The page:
Among other Abrahamic religions (Muslims and Jews) women’s right to choose is protected based on a set of conditions. Muslims whether Sunni or Shiite, White, Black and all shades in between agree that abortion is permitted during the 120 days of pregnancy. And abortion is not only permissible, but must be performed at any stage of pregnancy if the mother’s life is endangered.  

Islam allows abortion based on a central passage in the Qur’an that describes the stages of pregnancy from conception to a ‘full-fledged’ child. The Qur’an (Surat AI-Mu’minun, 23: 12–14): describes each stage as follows: “And certainly did We create humans from an extract of clay (Alaqah), Then We placed it as a sperm-drop in a firmly fixed lodging (first stage: 14 days). Then We made the sperm-drop into a clinging clot, and We made the clot into a lump [of flesh] (second stage: 40 days), and We made [from] the lump, bones, and We covered the bones with flesh (third stage: 80-120 days); then We developed it into another creation (fourth stage: 121 days- to birth). So blessed is Allah, the best of creators.” This passage has defined and shaped the perspectives of Muslim scholars and the Sharia’ (Islamic law) on the gestational stages of a typical pregnancy.

It is also relevant to note that historically, and throughout the 18th and 19th Century, and during the Ottoman Empire, Muslims did not believe abortion is a crime. So while abortion is permitted until the end of the fourth month of pregnancy, in some cases, it is allowed beyond 120 days to protect the emotional, mental, and physical well being of women. Based on this, Muslim scholars from Algeria, Saudi Arabia, Egypt, and Iran issued Fatwas (legal rulings) in favor of abortion in cases of fetal impairment. In 1993, when rape was a huge concern among Bosnian women Muslim scholars issued Fatwas that sanctioned their right to choose.

Islam also includes a central philosophical tradition of acceptance of family and individual prerogative: ‘God alone (not an imam or legislator) knows what is right and wrong when terminating a pregnancy.’ The individual conscience is considered a better guide for action, since it is ultimately the individual woman who will have to answer to God. This philosophical perspective has protected women’s rights to their bodies and their right to choose. Additionally, Islam gives exclusive allowances to the couples to decide whether or not to terminate a pregnancy. Accordingly, any prohibitive political and governmental rulings on abortion is considered an outside intrusion on an intimate matter. This position restricted the encroaching role of the state, its officials and courts from violating the right of the woman to choose.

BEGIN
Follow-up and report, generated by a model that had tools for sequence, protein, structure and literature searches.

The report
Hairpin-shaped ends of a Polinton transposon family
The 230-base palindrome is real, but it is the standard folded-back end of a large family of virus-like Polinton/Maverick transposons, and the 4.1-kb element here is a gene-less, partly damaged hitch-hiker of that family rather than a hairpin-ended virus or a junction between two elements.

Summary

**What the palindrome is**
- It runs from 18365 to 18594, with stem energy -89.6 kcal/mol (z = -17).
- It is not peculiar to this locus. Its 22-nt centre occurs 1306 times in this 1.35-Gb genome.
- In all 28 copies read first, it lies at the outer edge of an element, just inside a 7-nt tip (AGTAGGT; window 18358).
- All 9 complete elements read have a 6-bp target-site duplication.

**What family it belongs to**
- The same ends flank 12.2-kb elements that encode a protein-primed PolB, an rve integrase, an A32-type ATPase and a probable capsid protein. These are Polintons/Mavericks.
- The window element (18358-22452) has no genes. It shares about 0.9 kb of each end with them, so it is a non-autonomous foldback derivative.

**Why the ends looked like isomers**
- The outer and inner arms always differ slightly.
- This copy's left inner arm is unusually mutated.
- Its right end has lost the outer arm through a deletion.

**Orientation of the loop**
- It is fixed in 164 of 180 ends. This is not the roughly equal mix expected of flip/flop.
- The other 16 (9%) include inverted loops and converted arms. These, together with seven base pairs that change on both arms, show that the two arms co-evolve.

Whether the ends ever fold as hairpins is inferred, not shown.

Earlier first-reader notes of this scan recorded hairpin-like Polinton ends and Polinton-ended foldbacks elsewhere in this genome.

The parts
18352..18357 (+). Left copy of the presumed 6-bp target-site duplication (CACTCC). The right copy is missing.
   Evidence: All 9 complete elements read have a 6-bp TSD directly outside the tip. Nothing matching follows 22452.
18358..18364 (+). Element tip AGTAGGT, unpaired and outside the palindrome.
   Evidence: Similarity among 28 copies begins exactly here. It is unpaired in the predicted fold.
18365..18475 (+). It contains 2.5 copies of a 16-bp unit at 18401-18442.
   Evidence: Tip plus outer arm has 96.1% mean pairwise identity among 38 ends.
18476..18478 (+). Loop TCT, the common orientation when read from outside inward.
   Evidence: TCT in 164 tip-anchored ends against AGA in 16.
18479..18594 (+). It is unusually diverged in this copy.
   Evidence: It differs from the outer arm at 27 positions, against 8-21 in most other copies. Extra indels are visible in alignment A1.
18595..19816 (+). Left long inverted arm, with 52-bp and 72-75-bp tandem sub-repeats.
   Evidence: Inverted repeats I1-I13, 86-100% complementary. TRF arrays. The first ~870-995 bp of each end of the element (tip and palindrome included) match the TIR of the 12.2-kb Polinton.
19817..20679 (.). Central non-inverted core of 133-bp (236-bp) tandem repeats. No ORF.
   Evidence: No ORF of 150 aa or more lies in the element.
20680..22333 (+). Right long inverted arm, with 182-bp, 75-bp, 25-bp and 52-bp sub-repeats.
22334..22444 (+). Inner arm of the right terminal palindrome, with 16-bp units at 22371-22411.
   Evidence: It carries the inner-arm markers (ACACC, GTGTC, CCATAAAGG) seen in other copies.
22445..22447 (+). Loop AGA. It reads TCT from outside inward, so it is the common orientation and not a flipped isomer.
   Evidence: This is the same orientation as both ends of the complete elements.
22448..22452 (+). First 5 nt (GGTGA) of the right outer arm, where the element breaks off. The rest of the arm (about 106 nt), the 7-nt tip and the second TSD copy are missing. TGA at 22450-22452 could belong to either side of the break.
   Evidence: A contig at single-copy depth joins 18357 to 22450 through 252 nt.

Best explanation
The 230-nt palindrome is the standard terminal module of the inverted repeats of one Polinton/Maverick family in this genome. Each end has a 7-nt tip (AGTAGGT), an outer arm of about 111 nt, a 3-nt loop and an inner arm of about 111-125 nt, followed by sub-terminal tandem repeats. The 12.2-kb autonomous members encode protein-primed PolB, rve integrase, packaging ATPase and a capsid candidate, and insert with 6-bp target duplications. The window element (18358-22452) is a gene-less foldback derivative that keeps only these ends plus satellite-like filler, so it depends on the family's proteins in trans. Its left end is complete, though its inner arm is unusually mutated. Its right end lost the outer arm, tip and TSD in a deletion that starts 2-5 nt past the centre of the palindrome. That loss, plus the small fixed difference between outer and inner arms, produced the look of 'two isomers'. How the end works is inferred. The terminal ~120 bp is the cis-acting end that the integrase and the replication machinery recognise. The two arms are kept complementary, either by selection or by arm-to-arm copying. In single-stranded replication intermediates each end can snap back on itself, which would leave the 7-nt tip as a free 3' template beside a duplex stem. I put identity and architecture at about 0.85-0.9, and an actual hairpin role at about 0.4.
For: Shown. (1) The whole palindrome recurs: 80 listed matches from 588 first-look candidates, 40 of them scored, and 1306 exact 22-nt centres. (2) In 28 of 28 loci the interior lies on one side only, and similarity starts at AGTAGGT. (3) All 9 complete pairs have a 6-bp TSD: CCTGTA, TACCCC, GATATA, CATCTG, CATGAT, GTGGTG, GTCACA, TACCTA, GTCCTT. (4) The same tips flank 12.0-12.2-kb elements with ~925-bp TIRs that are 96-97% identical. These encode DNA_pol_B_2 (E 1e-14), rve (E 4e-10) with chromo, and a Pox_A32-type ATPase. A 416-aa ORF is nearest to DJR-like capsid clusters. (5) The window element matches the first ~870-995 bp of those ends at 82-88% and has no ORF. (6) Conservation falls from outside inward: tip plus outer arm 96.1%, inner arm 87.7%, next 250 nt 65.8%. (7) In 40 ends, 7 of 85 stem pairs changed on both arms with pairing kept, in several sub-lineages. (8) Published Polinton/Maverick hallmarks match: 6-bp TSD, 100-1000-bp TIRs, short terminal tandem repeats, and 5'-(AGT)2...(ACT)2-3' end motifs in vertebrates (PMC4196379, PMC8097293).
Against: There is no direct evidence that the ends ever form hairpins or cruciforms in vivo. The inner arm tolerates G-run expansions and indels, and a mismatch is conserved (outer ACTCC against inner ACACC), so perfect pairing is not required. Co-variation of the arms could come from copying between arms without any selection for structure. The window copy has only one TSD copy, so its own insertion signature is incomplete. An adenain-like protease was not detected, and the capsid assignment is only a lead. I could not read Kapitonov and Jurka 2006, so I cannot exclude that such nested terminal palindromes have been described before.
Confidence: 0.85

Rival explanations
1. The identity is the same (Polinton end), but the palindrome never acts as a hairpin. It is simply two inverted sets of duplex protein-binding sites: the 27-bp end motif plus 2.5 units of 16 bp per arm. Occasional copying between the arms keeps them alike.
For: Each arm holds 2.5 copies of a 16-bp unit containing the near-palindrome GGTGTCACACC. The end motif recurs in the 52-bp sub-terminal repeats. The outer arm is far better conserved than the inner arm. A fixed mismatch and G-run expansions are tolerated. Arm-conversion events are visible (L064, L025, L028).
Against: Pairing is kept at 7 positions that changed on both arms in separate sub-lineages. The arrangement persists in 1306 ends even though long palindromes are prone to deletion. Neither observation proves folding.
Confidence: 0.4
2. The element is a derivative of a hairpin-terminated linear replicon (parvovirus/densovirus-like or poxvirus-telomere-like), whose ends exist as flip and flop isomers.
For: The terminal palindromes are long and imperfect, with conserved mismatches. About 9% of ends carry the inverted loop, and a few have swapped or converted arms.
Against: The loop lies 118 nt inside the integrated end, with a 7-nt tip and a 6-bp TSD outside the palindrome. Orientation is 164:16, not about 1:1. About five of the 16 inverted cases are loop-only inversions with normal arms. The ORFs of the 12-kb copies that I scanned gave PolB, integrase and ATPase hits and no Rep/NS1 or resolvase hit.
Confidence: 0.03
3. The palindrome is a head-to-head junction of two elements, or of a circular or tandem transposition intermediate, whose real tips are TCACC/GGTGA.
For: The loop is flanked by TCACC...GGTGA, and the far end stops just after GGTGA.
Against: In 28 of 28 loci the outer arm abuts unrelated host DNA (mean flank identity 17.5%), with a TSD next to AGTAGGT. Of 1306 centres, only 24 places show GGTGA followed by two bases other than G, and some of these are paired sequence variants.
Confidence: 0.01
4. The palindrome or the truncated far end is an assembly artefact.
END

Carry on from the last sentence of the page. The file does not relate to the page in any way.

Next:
What About Other Faiths?

In Judaism abortion is permitted in the first forty days of pregnancy. Judaism considers the mother’s life more important than that of the fetus, and the embryo to be of relatively lesser value than the living mother during a pregnancy. Abortion is also permitted for what it considers serious reasons and after consultation with a rabbi competent to give advice on such matters.  And among Dharmic religions, Western and Japanese Buddhists believe in the permissibility of abortion. India a majority Hindu country allows abortion until 20 weeks of pregnancy.

Abortion: A Private Matter is Publicly Disputed

Unfortunately, in the US women’s right to choose is a political and legal battle waged by Christians- irrespective of their position on abortion. State legislators debate it and federal courts codify it without regard to woman’s right to her body, or her mental, emotional, and physical well being. Thus transferring the concept of the woman’s right to her body and her perception of self from that which is an intimate private matter to the public sphere. 

What is American Muslim Women Perspective on Abortion?

American Muslim women views on abortion are more complex than those advanced by other Americans. Based on their faith they are both for the right to choose and are pro life. Islam is pro-life in its protection of women’s health and well being, the living child’s health and well-being, and also protects the life of the unborn: The Holy Quran (Surat Al An’am, 6:151) “Do not kill your children for fear of poverty, for it is we who shall provide sustenance for you as well as for them.” Meaning, abortion for fear of economic hardship is not permissible. Muslim women are also pro choice. Based on clrearly defined reasons, their faith gives them the right to choose whether or not to bear a child. However, in the US, this middle ground perspective is absent.

Adding Insult to Injury

While the raging debate ignores the faith traditions of all other women, but those of the Christian faith, it also ignores woman’s right to self-determination. Disrespecting the important role women play in managing and making decisions that affect their personal well being and the well being of their families. They also challenge women’s rights to personhood. The woman’s body, her pregnancy, when and where, and whether she can choose to abort are legal arguments crafted by local and state legislators and the courts.

State’s interference on the female body challenges American Muslim women’s right to personhood, religious and constitutional rights, and citizenship rights. By robbing woman’s right to self determine, her most intimate decisions are influenced and modified by strict legal prohibitions that aim to decrease her safe access to abortion and intrude on her religious right to decide. The US abortion debate is a zero sum game that ignores the views and traditions established and practiced by others.